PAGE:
To prepare plants for blooming, in February, apply Scott’s Super Bloom (12-55-6) every two weeks according to package directions. By mid-March, bearded irises begin blooming and will bloom through May. Continue fertilizing throughout the blooming season and two weeks after blooming is done.
When watering, a moisture meter can help maintain correct soil dampness, since too much water will rot the rhizomes. Insert the moisture probe into the soil to its full depth to make sure the irises’ roots are getting adequate water. Their leaves do not die like tulips or hyacinths, and once blooming is finished, the plants continue growing throughout summer.
Every three or four years, you will need to divide your iris clumps. Decreased number of blooms, fewer leaves, and rhizomes pushing out of the ground are all signs it’s time to divide. Wait until fall to divide iris clumps. Dig up the rhizomes, trim the leaves to six inches and cut off old or rotten portions. If a rhizome feels soft, throw it away. Cut the rhizomes into three-inch pieces, leaving a fan of leaves and roots attached to each piece. Re-plant cut pieces and share any extras with fellow gardeners.
Tucson Area Iris Society, TAIS, holds an annual iris sale the end of September and sells member-grown rhizomes. You might want to purchase a few plants for your garden at their sale. Check tucsoniris.org for more information.
These easy-care plants can reward you with beautiful blooms in a rainbow of colors.
CANBERRA, Australia — A novice surfer mastered a pro’s move on the first try: He punched a shark on the nose to escape its jaws.
The attack Monday afternoon off the Australian coast left Charlie Fry with superficial puncture wounds on his right shoulder and upper arm.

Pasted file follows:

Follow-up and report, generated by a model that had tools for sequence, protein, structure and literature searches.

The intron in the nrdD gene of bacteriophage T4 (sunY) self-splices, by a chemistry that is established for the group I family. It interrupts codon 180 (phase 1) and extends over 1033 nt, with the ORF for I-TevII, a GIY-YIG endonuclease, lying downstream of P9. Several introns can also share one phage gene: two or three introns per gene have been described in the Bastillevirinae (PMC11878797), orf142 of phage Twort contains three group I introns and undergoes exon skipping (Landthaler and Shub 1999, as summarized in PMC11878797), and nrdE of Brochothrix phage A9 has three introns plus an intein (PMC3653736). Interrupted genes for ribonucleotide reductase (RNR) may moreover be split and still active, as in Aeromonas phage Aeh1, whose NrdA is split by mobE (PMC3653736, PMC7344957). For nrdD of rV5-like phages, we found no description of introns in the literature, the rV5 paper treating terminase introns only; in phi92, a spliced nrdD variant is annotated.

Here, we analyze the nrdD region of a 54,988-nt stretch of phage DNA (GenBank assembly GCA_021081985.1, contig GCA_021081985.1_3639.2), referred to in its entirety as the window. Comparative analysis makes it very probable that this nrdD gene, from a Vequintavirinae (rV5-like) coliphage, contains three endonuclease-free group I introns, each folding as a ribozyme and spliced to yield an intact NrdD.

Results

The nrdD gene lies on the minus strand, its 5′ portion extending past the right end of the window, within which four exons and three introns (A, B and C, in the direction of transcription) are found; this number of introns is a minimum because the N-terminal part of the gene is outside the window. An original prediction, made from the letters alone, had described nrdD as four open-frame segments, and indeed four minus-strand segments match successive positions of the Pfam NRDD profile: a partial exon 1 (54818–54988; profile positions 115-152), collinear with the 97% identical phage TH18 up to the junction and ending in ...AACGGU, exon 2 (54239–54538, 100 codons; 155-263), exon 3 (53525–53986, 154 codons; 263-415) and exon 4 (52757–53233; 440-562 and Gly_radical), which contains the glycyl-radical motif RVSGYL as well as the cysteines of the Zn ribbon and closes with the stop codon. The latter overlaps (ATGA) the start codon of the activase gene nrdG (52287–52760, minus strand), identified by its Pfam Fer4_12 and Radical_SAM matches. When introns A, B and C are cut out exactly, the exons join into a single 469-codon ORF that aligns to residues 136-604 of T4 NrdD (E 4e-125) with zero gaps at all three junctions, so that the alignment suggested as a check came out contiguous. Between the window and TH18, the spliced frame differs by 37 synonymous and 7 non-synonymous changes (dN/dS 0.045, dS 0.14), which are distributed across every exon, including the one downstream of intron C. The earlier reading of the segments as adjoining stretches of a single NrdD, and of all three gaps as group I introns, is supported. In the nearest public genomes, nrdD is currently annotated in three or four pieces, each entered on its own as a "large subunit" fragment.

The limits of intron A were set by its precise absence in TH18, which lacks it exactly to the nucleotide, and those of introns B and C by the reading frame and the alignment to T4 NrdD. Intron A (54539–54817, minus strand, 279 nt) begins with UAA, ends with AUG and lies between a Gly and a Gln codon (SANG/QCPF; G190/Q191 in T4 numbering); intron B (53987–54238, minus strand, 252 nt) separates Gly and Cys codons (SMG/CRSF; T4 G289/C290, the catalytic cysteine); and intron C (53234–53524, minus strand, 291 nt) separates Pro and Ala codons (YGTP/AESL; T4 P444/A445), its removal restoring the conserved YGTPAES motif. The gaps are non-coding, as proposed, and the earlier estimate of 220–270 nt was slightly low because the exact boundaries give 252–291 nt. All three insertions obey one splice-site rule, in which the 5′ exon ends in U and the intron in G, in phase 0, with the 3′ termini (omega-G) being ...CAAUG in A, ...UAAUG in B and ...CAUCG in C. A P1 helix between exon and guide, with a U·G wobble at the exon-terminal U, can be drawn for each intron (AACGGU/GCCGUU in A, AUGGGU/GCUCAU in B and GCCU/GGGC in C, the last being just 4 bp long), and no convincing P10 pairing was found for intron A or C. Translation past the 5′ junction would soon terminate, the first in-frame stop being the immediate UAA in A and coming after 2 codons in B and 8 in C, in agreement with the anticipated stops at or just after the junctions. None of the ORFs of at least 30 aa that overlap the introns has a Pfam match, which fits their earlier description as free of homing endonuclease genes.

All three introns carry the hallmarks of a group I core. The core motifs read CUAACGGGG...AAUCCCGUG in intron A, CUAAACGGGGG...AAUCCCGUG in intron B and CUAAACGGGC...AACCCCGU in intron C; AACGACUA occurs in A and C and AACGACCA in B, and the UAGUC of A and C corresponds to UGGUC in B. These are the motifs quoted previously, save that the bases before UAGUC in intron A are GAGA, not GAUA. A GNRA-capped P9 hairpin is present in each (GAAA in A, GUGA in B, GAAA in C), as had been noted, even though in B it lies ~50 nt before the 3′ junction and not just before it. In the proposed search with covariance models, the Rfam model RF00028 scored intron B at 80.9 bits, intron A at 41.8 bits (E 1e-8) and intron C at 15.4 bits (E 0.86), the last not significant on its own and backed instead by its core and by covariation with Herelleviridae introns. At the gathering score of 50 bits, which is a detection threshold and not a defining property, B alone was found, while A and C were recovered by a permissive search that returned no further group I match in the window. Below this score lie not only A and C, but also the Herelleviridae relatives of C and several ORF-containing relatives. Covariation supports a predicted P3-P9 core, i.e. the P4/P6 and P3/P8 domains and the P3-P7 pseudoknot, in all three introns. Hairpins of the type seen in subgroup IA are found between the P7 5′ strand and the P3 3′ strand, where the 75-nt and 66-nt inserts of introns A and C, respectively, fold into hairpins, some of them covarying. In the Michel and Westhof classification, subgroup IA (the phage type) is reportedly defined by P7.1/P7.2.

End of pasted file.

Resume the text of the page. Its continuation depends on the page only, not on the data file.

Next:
A British doctor who arrived in Australia two months ago to work, Fry said Tuesday he had recently watched a YouTube video in which Australian professional surfer Mick Fanning described his famous escape from a great white shark during a surfing competition in 2015.
“So when it happened, I was like: ‘Just do what Mick did. Just punch it in the nose,’” Fry told Nine Network television. “So Mick, if you’re watching or listening, I owe you a beer. Thank you very much.”
Fry, 25 and a surfing beginner, was in the water with three doctor friends when he was attacked off Avoca Beach, 90 kilometers (60 miles) north of Sydney.
“I was out surfing and I got this massive thud on my right-hand side; it completely blindsided me,” Fry said.
“I thought it was a friend goofing around. I turned and I saw this shark come out of the water and breach its head,” he said.
“So I just punched it in the face with my left hand and then managed to scramble back on my board, shout at me friends and luckily a wave came, so I just sort of surfed the wave in,” he added.
Fry said he wasn’t conscious of his injured and bleeding arm until he reached the shore.
“I didn’t really notice it at the time because when you’re surfing, all I’m thinking was: ‘I’m about to die. I’m literally about to die,’” Fry said.
“So I thought ... ‘get in as fast as possible, ride the wave for as long as you can and then just start paddling for your life,’” he added.
Fry’s friends drove him to Gosford Hospital, where they all worked, to be treated. The beach was closed for 24 hours.
Lifeguards spotted the 3-meter (10-foot) shark that attacked Fry close to shore and would use drones on Tuesday to check that it had left the area, Australian Broadcasting Corp. reported.
Fry said he could not return to the ocean for a week due to his injuries, but “after then, I’ll be racing to get back in.”
Fanning was competing at the J-Bay Open in South Africa two years ago when he was knocked off his board by a shark yet escaped unscathed. The video of the attack and Fanning speaking about it has been viewed more than 24 million times on YouTube.